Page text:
FORT KENT, Maine — A sizable grant from the Maine Department of Conservation will allow the University of Maine at Fort Kent to make two of its largest buildings more energy-efficient.
University officials announced Tuesday that they had received the $500,000 DOC grant, funded under the American Recovery and Reinvestment Act of 2009.
The university will use the money to convert the oil heating system at The Lodge, which is its largest residence hall, and the UMFK Sports Center to a biomass system. The biomass system will provide heat for 1.75 acres of floor space and is expected to save the campus nearly $1 million in heating costs in the next decade.
The entire project will cost $858,000. The bulk of that will come from the DOC grant, but UMFK also will provide $318,000 toward the effort. Another $40,000 will come from in-kind contributions.
UMFK President Wilson G. Hess lauded the benefits of replacing non-renewable foreign fossil fuels with renewable local biomass fuels. In a prepared statement, he said, “Promoting renewable biomass fuels is an important economic development opportunity for northern Maine.”
A high energy biomass boiler will replace an oil boiler located in the Sports Center, which is UMFK’s major athletics complex. The new boiler also will heat The Lodge, which is a three-story, two-wing facility that houses 150 students in 38 suites. It was constructed in 2004. Heat will be transferred to The Lodge by means of an underground distribution system.
The 35,000 square-foot Sports Center currently has identical 37-year-old steam boilers. The 47,389-square-foot Lodge has two, seven-year-old oil boilers. According to UMFK officials, The Sports Center and The Lodge consume, on average, 37,292 gallons of heating oil, annually. At this point, the annual cost of heating both buildings is $140,591.
After conversion to the biomass boiler, UMFK expects to spend $51,110 to heat the two facilities, resulting in an annual savings of $89,481.
During a ten-year period, savings would approach $1 million.
The existing boiler room at The Sports Center will be modified slightly to accommodate the new heat delivery system.
The college has already taken a number of steps to green up its campus. The newest campus facilities have been constructed to be more energy-efficient, and an Ecology Committee was created several years ago to find ways to promote recycling and sustainability and to create programs to facilitate each. Powell Hall, a classroom and office building, underwent a $1.4 million renovation last year. As part of the effort to decrease its carbon footprint, construction crews installed heat pumps to allow the building to operate at 300 percent greater efficiency and made alterations so that electricity for the building will be derived at 70 percent from renewable sources. A group of students last year also conducted a project that pointed out ways the campus could save money by changing the refrigeration setup at The Lodge.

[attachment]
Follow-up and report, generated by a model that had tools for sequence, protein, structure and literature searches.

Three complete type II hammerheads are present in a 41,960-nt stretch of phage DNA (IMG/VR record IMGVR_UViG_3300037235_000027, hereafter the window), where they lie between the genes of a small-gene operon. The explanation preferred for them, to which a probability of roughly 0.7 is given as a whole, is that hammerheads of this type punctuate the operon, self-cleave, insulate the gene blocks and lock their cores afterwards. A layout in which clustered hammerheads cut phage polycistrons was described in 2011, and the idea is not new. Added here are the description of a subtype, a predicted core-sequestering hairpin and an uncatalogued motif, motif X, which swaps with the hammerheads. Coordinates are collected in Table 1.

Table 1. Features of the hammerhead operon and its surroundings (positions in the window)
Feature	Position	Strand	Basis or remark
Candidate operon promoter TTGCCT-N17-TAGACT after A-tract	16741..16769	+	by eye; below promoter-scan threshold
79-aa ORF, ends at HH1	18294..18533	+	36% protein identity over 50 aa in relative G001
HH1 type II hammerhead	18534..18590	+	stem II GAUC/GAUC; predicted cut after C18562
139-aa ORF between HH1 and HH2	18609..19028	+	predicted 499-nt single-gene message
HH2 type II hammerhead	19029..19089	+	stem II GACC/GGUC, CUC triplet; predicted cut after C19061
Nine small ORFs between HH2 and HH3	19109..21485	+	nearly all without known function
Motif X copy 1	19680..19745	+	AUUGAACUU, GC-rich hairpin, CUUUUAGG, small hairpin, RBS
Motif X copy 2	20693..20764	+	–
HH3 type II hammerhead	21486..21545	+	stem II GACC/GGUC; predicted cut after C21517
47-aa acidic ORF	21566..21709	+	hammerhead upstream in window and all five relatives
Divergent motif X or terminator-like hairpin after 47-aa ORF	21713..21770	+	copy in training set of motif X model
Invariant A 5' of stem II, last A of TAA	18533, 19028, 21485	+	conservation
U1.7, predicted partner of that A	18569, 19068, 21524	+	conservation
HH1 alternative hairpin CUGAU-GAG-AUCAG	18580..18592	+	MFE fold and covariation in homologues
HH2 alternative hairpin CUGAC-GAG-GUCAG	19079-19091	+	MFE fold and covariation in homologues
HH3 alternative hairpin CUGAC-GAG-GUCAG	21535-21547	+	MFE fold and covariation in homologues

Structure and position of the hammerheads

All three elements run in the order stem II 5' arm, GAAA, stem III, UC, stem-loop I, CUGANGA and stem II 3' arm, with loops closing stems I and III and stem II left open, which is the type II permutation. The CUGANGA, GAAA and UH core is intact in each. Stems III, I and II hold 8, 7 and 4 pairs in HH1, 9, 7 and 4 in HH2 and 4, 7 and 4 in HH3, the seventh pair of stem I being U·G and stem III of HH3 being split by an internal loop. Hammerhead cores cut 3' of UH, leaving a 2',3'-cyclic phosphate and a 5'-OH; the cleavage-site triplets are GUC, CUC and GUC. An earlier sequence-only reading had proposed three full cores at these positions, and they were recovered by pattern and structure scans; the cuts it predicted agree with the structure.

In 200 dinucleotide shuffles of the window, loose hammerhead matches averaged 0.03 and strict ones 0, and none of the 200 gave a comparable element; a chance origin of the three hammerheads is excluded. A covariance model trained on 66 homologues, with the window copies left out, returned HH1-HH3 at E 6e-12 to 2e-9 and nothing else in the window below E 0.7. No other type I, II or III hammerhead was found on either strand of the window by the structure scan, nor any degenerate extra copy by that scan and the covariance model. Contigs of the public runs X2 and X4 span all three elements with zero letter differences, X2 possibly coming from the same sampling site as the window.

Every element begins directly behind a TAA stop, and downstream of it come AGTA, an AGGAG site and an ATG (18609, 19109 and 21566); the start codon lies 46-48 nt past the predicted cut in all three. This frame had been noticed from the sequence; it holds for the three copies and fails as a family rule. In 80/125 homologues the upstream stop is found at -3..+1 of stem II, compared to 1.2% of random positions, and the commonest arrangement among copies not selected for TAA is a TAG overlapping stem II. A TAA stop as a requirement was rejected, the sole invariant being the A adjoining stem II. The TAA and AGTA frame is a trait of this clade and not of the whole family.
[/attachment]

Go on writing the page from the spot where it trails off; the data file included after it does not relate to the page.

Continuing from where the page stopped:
The American College and University Presidents Climate Commitment, to which UMFK is a signatory, requires that the college reduce its fossil carbon footprint to zero by mid-century. Campus leaders have said they will achieve that goal by reducing its use of fossil fuel-based energy resources, making conservation and efficiency improvements, and offsetting some energy sources with green energy credits and/or carbon sequestration.
One of the oil-fired boilers now in use at the Sports Center will be retained as a backup boiler for use in emergencies, during maintenance of the new system, and to supplement the new system during times of peak demand. One of the relatively new boilers from the Lodge will be moved to another campus facility to replace an older, less efficient unit.
The university anticipates contracting with Northeast Pellets in Ashland to supply the wood pellets for the biomass boiler system. One-hundred percent of the biomass fuel will come from certified sources, including wood certified under Maine Tree Farm, Sustainable Forestry Initiative and Forest Stewardship Council.
The boiler will be ordered once the grant money is received, and officials expect the project will be finished in six months.